working list – by no means complete.
From the publisher:
The Mississippi River flood of 1927 was the most destructive river flood in U.S. history, reshaping the social and cultural landscape as well as the physical environment. Often remembered as an event that altered flood control policy and elevated the stature of powerful politicians, Richard M. Mizelle Jr. examines the place of the flood within African American cultural memory and the profound ways it influenced migration patterns in the United States.
In Backwater Blues, Mizelle analyzes the disaster through the lenses of race and charity, blues music, and mobility and labor. The book’s title comes from Bessie Smith’s “Backwater Blues,” perhaps the best-known song about the flood. Mizelle notes that the devastation produced the richest groundswell of blues recordings following any environmental catastrophe in U.S. history, with more than fifty songs evoking the disruptive force of the flood and the precariousness of the levees originally constructed to protect citizens. Backwater Blues reveals larger relationships between social and environmental history. According to Mizelle, musicians, Harlem Renaissance artists, fraternal organizations, and Creole migrants all shared a sense of vulnerability in the face of both the Mississippi River and a white supremacist society. As a result, the Mississippi flood of 1927 was not just an environmental crisis but a racial event.
Challenging long-standing ideas of African American environmental complacency, Mizelle offers insights into the broader dynamics of human interactions with nature as well as ways in which nature is mediated through the social and political dynamics of race. Includes discography.
Backwater Blues was reviewed in the Journal of Environmental Studies and Sciences, Sept 2015, Vol 5, issue 3, 491–92. http://link.springer.com/article/10.1007/s13412-015-0287-z
The Great Mississippi Flood of 1927, which covered nearly thirty thousand square miles across seven states, was the most destructive river flood in U.S. history. Due to the speed of new media and the slow progress of the flood, this was the first environmental disaster to be experienced on a mass scale. As it moved from north to south down an environmentally and technologically altered valley, inundating plantations and displacing nearly a million people, the flood provoked an intense and lasting cultural response. The Flood Year 1927 draws from newspapers, radio broadcasts, political cartoons, vaudeville, blues songs, poetry, and fiction to show how this event took on public meanings.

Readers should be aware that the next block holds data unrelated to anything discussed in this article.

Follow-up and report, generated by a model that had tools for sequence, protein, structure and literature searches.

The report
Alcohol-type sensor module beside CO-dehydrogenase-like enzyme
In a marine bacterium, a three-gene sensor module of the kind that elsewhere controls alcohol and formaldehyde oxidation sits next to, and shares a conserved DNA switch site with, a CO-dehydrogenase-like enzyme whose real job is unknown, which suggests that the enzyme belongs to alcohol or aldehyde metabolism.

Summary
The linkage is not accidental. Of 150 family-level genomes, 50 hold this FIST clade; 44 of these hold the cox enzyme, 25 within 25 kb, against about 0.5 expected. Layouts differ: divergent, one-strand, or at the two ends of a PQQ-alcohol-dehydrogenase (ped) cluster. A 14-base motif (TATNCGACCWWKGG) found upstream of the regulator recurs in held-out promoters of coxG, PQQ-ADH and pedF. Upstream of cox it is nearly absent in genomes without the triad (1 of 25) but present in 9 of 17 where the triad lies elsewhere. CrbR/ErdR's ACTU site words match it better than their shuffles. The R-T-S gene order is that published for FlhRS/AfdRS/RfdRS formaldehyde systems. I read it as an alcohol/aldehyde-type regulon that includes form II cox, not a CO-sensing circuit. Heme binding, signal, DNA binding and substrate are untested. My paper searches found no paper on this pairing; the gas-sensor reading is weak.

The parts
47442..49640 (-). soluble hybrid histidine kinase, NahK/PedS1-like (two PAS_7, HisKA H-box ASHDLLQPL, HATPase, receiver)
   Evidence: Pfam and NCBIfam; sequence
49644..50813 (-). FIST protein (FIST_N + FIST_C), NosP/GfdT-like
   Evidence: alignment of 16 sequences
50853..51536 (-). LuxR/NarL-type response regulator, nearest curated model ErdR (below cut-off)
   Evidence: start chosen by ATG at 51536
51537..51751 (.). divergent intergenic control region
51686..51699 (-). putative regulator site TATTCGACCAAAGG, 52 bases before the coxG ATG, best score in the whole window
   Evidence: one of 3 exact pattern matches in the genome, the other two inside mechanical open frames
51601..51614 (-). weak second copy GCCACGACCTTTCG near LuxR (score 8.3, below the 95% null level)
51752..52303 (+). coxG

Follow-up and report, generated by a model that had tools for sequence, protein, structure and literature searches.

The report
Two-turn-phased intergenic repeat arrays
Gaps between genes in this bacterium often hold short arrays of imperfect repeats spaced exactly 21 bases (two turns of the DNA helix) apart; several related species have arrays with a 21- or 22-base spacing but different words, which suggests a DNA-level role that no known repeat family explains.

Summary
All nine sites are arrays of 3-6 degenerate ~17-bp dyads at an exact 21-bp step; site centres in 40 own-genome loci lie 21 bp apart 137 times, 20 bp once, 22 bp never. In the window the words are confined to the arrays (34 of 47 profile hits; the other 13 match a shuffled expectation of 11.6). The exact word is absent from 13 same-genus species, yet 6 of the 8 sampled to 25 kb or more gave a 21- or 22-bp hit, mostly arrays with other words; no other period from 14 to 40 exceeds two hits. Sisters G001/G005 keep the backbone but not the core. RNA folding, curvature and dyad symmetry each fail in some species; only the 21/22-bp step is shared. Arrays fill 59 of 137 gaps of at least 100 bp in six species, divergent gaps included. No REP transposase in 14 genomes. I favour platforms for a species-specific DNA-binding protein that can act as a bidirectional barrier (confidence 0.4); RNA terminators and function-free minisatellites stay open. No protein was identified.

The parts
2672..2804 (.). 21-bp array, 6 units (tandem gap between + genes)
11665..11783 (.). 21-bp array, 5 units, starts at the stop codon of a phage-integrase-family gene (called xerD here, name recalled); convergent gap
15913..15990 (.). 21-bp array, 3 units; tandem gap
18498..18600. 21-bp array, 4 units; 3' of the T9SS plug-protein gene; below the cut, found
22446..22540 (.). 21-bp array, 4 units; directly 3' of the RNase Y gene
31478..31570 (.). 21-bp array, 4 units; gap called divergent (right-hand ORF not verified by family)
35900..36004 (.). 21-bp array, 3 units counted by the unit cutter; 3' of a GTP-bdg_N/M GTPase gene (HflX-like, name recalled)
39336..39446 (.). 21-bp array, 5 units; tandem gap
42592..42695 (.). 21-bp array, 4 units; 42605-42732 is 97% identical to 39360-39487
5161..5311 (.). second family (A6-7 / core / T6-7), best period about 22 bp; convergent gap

Americans at first seemed united in what Herbert Hoover called a “great relief machine,” but deep rifts soon arose. Southerners, pointing to faulty federal levee design, decried the attack of Yankee water. The condition of African American evacuees in “concentration camps” prompted pundits like W.E.B. Du Bois and Ida B. Wells to warn of the return of slavery to Dixie. And environmentalists like Gifford Pinchot called the flood “the most colossal blunder in civilized history.” Susan Scott Parrish examines how these and other key figures–from entertainers Will Rogers, Miller & Lyles, and Bessie Smith to authors Sterling Brown, William Faulkner, and Richard Wright–shaped public awareness and collective memory of the event.
The crises of this period that usually dominate historical accounts are war and financial collapse, butThe Flood Year 1927 enables us to assess how mediated environmental disasters became central to modern consciousness.
+ T.S. McMillin, The Meaning of Rivers: Flow and Reflection in American Literature (Iowa City: University of Iowa Press) 2011
Wild River, 1960, director Elia Kazan, Tennessee Valley
Beasts of the Southern Wild, 2012, director Ben Zeitlin
Harold Fisk, The Alluvial Valley of the Lower Mississippi River 1944, 15 Plates, the maps visually track the meanderings of the Mississippi from “ancient courses” through 1765, 1820, 1880, and 1944. Maps produced and published by the U.S. Army Corp pf Engineers Mississippi River Commission. HIgh resolution files can be accessed at http://lmvmapping.erdc.usace.army.mil/ additional information at: http://www.radicalcartography.net/index.html?fisk